Of course, sometimes there were so many casualties that staff were kept working at a furious pace. Julia Baxter worked in a MASH unit as an operating room nurse and says that at one point there were so many wounded soldiers waiting for care that they had to extend their shifts. “We worked eight hours on and eight hours off for about a month before changing to 12 hours on and 12 hours off,” she remembers.
5. NORMASH Nurse Caring for An Injured Soldier
The US wasn’t the only nation to operate MASH units. In July 1951, Norway’s Red Cross unit, the Norwegian Mobile Army Surgical Hospital (NORMASH), arrived in Korea. Beginning active duty on July 19, NORMASH operated until November 10, 1954. During this time the unit serviced a total of 90,000 patients, including American, Canadian, British and South Korean troops, as well as North Korean and Chinese prisoners of war. Above, Norwegian nurse Captain Petra Drabloe treats Canadian soldier Lance Corporal M.R. Stevens, who was injured in a gas explosion.
At times, these medical units had to get creative with their supplies. Dr. Harold Secor recalls some of the many ways they were forced to improvise, including salvaging an operating table “from a bombed-out Korean hospital” and using “foil from X-ray packs for X-ray shields.”
4. Army Nurse with Helicopter Ambulance Crew
This early 1950s photo shows Colonel Agnes Maley of the US Army Nurse Corps posing with a helicopter crew. Although air ambulances had been used in previous conflicts to transport casualties, it wasn’t until the Korean War that the US used dedicated helicopters to carry the injured from the frontlines to field hospitals. They also transferred patients from field hospitals to hospital ships for additional care.
According to the National Museum of the US Air Force, the aeromedical evacuation system, in conjunction with other factors such as antibiotics and modern surgical methods, reduced the number of deaths from injuries by 50 percent compared to WWII.
3. Flight Nurse Arriving At Japan’s Tachikawa Air Base
Pictured above is Captain Lillian Kinkela (later Keil). In 1938, Kinkela, a trained nurse, began her career as a flight attendant with United Airlines, before becoming a flight nurse during WWII. Described as an “airborne Florence Nightingale,” she served on 250 evacuation flights throughout WWII and 175 during the Korean War. Kinkela carried out the crucial work of caring for patients while en-route to medical facilities.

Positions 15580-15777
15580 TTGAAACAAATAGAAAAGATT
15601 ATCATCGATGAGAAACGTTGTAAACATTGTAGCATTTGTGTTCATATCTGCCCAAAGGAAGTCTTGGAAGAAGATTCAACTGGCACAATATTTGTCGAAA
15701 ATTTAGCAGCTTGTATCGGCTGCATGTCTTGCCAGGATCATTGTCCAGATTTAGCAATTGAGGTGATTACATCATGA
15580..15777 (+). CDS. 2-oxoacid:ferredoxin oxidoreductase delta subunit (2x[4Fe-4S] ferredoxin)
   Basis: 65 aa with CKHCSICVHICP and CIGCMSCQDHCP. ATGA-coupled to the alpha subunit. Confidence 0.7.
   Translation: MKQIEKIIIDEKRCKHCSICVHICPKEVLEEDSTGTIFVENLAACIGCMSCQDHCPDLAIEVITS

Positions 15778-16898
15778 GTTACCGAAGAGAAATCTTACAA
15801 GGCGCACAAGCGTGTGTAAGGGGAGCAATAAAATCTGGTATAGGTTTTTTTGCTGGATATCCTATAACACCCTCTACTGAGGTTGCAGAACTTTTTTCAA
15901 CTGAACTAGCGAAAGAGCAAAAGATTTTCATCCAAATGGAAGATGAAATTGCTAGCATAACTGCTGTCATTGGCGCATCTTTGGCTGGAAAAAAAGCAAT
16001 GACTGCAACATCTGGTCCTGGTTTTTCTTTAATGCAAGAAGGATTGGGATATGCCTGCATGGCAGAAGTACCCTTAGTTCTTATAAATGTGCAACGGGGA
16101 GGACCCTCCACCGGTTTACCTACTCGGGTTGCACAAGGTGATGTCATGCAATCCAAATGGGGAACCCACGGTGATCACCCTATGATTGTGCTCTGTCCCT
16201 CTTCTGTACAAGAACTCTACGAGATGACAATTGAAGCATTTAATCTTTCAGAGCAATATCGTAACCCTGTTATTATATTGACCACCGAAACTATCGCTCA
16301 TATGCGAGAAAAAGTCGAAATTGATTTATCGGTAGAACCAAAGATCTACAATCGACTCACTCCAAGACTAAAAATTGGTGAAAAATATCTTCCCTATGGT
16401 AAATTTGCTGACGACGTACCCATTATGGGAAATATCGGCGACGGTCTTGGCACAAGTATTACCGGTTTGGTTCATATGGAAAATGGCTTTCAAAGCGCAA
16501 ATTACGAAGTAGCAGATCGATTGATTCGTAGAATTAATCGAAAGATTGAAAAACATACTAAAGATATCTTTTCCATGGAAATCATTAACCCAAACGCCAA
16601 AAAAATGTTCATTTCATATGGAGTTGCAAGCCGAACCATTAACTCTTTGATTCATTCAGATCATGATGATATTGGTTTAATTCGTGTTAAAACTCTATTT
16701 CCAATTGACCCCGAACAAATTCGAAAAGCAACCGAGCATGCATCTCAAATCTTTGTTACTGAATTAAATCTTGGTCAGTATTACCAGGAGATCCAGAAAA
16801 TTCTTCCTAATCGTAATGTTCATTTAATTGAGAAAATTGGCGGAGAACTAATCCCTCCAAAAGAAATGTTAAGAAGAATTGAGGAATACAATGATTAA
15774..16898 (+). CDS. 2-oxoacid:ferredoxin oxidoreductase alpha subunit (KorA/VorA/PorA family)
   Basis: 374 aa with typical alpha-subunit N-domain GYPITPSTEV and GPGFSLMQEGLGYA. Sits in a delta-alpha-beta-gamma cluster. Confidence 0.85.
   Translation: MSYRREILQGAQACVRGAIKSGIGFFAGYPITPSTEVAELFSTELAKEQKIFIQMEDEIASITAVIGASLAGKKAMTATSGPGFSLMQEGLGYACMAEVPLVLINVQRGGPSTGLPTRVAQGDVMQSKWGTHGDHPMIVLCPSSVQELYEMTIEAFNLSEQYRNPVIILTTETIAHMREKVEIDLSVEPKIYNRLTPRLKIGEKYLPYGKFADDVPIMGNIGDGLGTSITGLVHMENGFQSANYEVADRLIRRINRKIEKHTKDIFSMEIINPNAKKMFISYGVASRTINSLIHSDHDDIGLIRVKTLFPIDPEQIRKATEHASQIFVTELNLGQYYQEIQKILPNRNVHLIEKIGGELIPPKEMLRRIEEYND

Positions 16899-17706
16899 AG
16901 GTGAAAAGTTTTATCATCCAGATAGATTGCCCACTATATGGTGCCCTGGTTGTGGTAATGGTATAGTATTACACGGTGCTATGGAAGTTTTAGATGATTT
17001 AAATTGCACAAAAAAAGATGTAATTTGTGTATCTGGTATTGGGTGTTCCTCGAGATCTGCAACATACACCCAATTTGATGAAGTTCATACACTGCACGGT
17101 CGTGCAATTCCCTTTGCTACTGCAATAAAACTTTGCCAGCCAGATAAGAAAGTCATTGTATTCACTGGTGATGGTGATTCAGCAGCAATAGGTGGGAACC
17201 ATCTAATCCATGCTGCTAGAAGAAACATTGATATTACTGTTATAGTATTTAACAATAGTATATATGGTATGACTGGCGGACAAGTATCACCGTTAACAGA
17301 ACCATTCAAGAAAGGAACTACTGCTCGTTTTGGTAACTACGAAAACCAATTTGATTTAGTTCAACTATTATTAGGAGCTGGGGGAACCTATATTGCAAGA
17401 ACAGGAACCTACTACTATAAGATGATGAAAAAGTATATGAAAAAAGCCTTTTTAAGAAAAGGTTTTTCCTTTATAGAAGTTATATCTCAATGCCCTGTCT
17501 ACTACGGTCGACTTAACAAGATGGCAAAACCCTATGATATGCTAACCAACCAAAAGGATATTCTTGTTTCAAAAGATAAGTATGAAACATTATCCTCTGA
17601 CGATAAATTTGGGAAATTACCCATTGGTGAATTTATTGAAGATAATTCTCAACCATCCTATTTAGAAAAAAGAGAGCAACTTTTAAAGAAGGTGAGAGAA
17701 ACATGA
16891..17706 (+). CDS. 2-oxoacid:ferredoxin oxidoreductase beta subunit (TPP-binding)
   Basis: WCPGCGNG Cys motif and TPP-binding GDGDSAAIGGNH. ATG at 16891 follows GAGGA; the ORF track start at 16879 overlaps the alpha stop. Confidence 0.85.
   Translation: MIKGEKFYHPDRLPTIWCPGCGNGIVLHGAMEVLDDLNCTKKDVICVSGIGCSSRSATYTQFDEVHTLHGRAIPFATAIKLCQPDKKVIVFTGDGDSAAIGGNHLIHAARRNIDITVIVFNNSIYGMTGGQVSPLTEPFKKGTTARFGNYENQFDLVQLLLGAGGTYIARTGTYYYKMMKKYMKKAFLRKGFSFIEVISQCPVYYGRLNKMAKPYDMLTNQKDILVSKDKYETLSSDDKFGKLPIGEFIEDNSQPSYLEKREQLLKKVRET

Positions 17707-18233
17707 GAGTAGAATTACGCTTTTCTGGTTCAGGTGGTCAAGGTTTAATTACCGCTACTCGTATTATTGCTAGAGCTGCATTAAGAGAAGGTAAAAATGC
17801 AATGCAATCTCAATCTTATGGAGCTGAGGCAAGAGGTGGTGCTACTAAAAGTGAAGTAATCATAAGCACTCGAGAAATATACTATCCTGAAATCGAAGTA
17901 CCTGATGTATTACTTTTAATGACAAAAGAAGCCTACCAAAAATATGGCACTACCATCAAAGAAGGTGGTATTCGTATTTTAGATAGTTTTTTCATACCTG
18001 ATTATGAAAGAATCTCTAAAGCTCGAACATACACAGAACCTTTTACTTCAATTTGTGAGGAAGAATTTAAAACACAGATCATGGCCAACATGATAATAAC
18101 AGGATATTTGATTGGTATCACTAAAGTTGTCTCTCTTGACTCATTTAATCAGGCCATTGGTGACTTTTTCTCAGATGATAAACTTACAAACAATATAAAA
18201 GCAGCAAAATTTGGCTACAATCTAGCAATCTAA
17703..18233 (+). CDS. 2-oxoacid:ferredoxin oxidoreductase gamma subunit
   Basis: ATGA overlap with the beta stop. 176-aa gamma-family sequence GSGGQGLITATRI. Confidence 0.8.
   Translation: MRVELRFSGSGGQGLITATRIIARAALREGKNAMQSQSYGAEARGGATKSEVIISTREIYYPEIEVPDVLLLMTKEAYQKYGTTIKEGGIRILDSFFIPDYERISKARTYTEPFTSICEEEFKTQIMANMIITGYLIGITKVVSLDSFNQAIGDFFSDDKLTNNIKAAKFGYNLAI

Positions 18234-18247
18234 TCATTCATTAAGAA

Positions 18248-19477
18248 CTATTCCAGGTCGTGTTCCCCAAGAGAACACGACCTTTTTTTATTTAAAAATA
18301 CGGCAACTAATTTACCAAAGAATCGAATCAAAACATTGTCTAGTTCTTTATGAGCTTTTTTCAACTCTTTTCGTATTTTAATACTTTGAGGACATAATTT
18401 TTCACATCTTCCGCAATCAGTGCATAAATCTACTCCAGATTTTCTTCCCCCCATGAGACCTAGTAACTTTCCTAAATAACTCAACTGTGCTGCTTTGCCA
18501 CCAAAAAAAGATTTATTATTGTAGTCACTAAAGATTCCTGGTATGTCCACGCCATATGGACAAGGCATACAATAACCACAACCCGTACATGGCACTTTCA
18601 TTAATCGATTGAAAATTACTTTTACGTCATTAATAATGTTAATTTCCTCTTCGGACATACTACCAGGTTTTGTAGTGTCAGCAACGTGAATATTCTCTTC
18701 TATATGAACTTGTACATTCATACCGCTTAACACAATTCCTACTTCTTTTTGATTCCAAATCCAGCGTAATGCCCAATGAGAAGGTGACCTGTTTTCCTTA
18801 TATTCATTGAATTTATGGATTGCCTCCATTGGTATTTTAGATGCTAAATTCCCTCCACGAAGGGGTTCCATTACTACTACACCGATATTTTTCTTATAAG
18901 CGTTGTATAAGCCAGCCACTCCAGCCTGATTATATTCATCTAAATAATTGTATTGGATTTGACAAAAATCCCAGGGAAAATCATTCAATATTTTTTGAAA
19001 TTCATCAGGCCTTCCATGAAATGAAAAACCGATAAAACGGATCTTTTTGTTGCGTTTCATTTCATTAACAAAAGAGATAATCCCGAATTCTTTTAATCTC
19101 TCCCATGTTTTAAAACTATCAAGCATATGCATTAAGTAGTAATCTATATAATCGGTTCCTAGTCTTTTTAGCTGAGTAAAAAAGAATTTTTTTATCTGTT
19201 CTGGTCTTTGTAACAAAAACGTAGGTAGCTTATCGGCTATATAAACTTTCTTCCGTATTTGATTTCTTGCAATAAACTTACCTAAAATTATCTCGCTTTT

During the Korean War, there were just 30 Air Force flight nurses in the entire Far East, so Kinkela was something of a rarity. However, the fact that she is one of the most decorated women in US military history attests to the vital importance of her role.
2. Flight Nurse Checking Patient Records
Flight nurse First Lieutenant Victoria Malokas is shown here with C-54 aircraft commander Major George Cichy, looking over patient records in October 1952.
Alice Dorn, another flight nurse during the Korean War, explains that part of the challenge of the position was that nurses had to operate solo. “You couldn’t say, ‘My patient is doing this, I need some medical advice.’ You were really on your own. And hoped you made a good decision,” she recalls. One of the things that she disliked about the job was that she didn’t get to build a relationship with the patients. She says the soldiers “came on, they were your patient, you checked the records, you change dressing or gave IVs if it was necessary, or a sedation. But you didn’t see them after that.”
1. Army Nurses Cooling Off
In general, conditions in Korea were harsh. The winters were freezing cold and the summers were scorching. Add to that the stresses inherent in the job – such as accommodating 200 soldiers in a MASH that was only designed for 60, or scrounging for supplies – and it’s easy to imagine how hard the experience must have been. Still, in the midst of these grueling circumstances (to which the nurses responded heroically), there was some time for fun and laughter. Above, dressed in stylish ‘50s bathing suits, three Army nurses douse each other with buckets of water to cool off in the heat.